Posts made in March, 2014

Legendary Label Dot Records Bought By Pop Country Label


Folks it was announced this past week that legendary Country Music
label Dot Records was purchased by current label Big Machine Records.
Actually it’s the name they bought and are resurrecting and reviving.
It’s not been yet announced if Big Machine will be reissuing all of the
old classic country music that was released on the Dot label in the 1970’s.
Because 1979 Dot (or ABC) was sold to MCA Records.

Universal Music Group currently owns the Dot records catalog
which consists of SO MANY Country Legends and hits I couldn’t name
them all for you but I’ll tell you throughout the 1970’s Dot
Records released recordings from Roy Clark from 1969-1973
including “My Everlov’n Soul” and “Yesterday When I Was Young”.
And more of Roy’s biggest hits were released on Dot and produced
by Joe Allison.

More classic country music came from Dot including The Kendalls,
Gunilla Hutton, Tommy Jackson, and Freddy Fender.
Most of Donna Fargo’s famous recording were all on Dot including
“Funny Face’ and “Happiest Girl In The Whole USA” and “Daddy Dumplin”
all produced by Stan Silver.

MORE CLASSIC COUNTRY..Barbara Mandrell recorded 4 albums with Dot
from 1976-1977. Both “Married..But Not To Each Other” and “Midnight Angel”
were two hits of hers on Dot label.
Leroy Van Dyke, Joe Stampley and Tommy Overstreet also released albums.

However two of Dot’s biggest powerhouses in it’s history were
Don Williams and Hank Thompson.
Don recorded 6 albums with Dot and some of his biggest hits including
‘Tulsa Time” “Say It Again” and “Till The Rivers All Run Dry”.
Most was produced by Garth Fundis.

Hank Thompson recorded for Dot from 1968-1977 and released some
of his lesser known hits including “Smokey The Bar”.
He released 14 albums with Dot Records.

Randy Wood originally founded Dot Records, which was active between
1950 and 1977.
The main headquarters is located in Gallatin Tennessee and many of the
hits were recorded during the night because the radio station was
a daily broadcast. In 1956 the company moved to Hollywood California.

The original headquarters of Dot Records were in Gallatin, Tennessee,
in fact many of the earliest recordings for the label were recorded
right in the on-air production studios of radio station WHIN, which
Wood owned at the time. Since WHIN was a daytime only radio station,
recording sessions were held at night when the station was off the air.
In 1956, the company moved to Hollywood, California.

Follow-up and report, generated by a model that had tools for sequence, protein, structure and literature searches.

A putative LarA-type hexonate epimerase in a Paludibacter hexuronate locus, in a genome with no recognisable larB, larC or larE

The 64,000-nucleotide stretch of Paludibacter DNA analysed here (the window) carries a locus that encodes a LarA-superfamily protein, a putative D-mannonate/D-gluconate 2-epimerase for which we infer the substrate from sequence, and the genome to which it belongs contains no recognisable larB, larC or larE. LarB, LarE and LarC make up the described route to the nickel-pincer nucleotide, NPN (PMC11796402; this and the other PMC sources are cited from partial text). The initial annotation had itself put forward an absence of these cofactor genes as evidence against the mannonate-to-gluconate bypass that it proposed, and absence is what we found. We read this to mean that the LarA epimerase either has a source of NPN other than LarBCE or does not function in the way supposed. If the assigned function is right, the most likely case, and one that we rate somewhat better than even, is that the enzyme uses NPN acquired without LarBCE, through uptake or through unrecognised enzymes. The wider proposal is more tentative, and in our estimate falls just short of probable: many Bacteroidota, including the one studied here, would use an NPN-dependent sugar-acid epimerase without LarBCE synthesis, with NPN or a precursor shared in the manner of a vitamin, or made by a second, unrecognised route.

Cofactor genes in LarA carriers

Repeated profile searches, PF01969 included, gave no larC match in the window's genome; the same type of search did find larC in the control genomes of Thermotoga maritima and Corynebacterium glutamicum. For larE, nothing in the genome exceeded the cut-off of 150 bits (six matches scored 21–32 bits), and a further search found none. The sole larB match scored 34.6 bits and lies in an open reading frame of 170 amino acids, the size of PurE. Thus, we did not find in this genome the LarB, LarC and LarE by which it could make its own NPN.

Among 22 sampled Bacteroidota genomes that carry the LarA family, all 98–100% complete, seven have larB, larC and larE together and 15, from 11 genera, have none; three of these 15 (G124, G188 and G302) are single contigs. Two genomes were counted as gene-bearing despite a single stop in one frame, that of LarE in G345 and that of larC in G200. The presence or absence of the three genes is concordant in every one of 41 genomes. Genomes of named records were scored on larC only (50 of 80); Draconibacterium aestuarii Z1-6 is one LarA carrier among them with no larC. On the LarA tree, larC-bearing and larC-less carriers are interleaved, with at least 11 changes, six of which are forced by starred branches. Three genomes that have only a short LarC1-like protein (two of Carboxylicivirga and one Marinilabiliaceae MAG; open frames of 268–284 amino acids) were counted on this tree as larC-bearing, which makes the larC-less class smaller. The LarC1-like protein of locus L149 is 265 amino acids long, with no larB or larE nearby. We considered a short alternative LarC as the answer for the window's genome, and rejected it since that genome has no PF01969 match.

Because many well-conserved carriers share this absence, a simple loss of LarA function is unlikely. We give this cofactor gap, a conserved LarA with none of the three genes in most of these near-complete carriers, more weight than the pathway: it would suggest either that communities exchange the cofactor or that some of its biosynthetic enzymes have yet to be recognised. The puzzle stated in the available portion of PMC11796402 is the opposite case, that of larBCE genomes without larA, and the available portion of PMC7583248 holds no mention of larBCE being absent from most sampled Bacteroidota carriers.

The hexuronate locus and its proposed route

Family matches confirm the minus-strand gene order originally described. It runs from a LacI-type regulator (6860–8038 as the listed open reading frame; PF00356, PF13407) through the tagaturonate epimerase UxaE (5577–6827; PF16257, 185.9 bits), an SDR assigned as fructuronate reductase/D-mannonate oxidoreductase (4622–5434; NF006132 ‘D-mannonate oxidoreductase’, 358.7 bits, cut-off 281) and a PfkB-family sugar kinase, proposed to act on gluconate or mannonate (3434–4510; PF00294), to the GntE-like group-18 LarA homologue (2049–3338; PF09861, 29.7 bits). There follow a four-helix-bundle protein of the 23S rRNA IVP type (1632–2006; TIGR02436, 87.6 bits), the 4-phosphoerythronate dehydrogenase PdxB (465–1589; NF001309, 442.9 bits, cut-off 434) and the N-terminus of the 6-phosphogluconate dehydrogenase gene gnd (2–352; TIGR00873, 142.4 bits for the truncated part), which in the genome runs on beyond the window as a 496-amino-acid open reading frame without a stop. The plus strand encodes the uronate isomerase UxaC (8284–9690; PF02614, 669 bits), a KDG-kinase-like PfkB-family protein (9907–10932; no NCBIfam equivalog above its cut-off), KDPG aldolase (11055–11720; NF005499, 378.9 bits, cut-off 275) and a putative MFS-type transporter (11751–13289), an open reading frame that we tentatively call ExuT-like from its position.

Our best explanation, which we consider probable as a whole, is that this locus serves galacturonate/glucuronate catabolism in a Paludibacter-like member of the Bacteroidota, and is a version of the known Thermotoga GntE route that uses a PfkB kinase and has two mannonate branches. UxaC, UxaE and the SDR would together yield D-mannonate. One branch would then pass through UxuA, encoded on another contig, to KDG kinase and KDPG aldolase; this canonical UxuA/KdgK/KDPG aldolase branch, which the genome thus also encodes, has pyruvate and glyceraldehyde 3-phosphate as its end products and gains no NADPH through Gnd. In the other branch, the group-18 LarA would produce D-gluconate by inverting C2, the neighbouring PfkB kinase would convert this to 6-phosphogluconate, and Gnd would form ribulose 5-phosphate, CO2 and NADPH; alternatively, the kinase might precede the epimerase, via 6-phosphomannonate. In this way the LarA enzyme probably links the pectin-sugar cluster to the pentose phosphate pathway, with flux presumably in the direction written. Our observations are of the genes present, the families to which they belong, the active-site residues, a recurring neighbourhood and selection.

In its early years, the label specialized in artists from around
Tennessee. It soon branched out to include musicians and singers
from across the United States. It recorded a variety of different
genres of music. After the move to Hollywood, Dot Records bought
up many recordings by small local independent labels and issued
them nationally.

In 1957, Wood sold ownership of the label to Paramount Pictures, but
he remained the president of the company for another decade.
And in 1967 Dot Records was managed by the legendary Tommy Overstreet
who left the management seat in 1970 to pursue a solo act and
recorded 12 albums with Dot until 1978.
Dot Records began to release soundtrack albums and other ventures.

At Dot a subsidiary label entitled Hamilton Records was founded in 1958,
for rockabilly and rhythm and blues distributed Jeff Barry’s Steed
Records along with the only two records from the Herb Alpert and
Jerry Moss-owned Carnival Records. Dot Records created two other
subsidiary labels: Crystalette Records and Acta Records according
to my research of the rare labels.

Now in 1968 is when the classic country music started on the Dot label.
Under the umbrella of the Famous Music Group which was bought by ABC in
in 1974 or 75.
Then in 1979 it was sold to MCA Records and Dot name was dropped.

However just last week it was announced Pop Country label Big
Machine Records has bought the label and will release albums
under the Dot name and redone the logo as placed above.

Big Machine was a joint venture with Toby Keith who backed out
to open his own label.
They are responsible for a lot of falsely marketed “country music”
the likes of Taylor Swift and Rascall Flatts.

Honestly the only really good albums they ever released
was “Heartbreakers Hall Of Fame” by Sunny Sweeney which was
pretty much tossed under the rug by the label because
they were ashamed to have REAL country on their label.
And ‘In Time” by The Mavericks wasn’t bad.

Will this be another Gaylord purchasing the Opry fiasco?
I’m thinking YES..but we shall see..

This label was launched in 2005 so that should tell you
a red flag.

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Last Honky Tonk Music Series National Launch


Last weekend I experienced country music history in Wilder Kentucky.
I LOVE the Cincinnati area and I didn’t realize the roots music
movement was so large scale up there until last Saturday night.
I rolled into town about 5 and got to meet C.J. Cumberland host of
crescent Hill Radio a local radio station and Mr.C.J was also the emcee